Crochet · Early instructions · Nalbinding · Structures · Techniques

Twists and turns in the development of crochet — Part 3

The authors whose writings illustrate the early Victorian practice of crochet in the preceding installments of this series (Part 1, Part 2) continued to publish extensively about the craft. Its development can be traced through each of their works and is concordant across them all. Frances Lambert is particularly clear in relating crochet to the predecessor craft… Continue reading Twists and turns in the development of crochet — Part 3

Crochet · Early instructions · Structures · Techniques

Twists and turns in the development of crochet — Part 2

This is a direct continuation of the preceding post. I’ve also tweaked its initial version to mesh better with the following text and even readers who have already seen it may find it worth reviewing before proceeding. The first installment presented two source documents from 1846 and 1842 in reverse chronological order. This one works… Continue reading Twists and turns in the development of crochet — Part 2

Crochet · Early instructions · Structures · Techniques

Twists and turns in the development of crochet — Part 1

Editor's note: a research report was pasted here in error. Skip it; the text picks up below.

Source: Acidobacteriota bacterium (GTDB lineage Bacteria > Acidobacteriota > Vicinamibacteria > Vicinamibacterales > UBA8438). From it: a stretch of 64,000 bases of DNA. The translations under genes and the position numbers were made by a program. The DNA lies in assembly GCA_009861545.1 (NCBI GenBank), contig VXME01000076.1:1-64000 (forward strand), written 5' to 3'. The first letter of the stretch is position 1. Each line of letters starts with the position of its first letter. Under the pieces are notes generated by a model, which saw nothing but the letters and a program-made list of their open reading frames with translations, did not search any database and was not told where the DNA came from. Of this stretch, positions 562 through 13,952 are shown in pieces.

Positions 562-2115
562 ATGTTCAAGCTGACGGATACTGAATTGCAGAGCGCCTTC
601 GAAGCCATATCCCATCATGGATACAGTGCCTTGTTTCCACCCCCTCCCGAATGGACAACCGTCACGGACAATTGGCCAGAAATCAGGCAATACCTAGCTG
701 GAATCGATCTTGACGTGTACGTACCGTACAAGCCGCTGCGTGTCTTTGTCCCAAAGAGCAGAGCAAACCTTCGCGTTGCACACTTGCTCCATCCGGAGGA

Instructions for crochet began to appear in the Victorian fancywork press in 1840, presenting it as a more elaborate and fashionable successor to the long-practiced shepherd’s knitting — the slip-stitch fabric made on a flat hook discussed in several previous posts. That stitch appeared in instructions for the new craft but opinions about its utility varied and… Continue reading Twists and turns in the development of crochet — Part 1

History · Knitting · Techniques · Tools

Hooked knitting needles in the French parlor in 1817

I’ve noted the significance of “The art of knitting in its full extent” (Die Kunst Zu Stricken in ihrem ganzen Umfange) by Johann Friedrich Netto and Friedrich Leonhard Lehmann in several previous posts (but have yet to find a good way to vary the introductory paragraph). This was published in 1800 and reflected in German texts… Continue reading Hooked knitting needles in the French parlor in 1817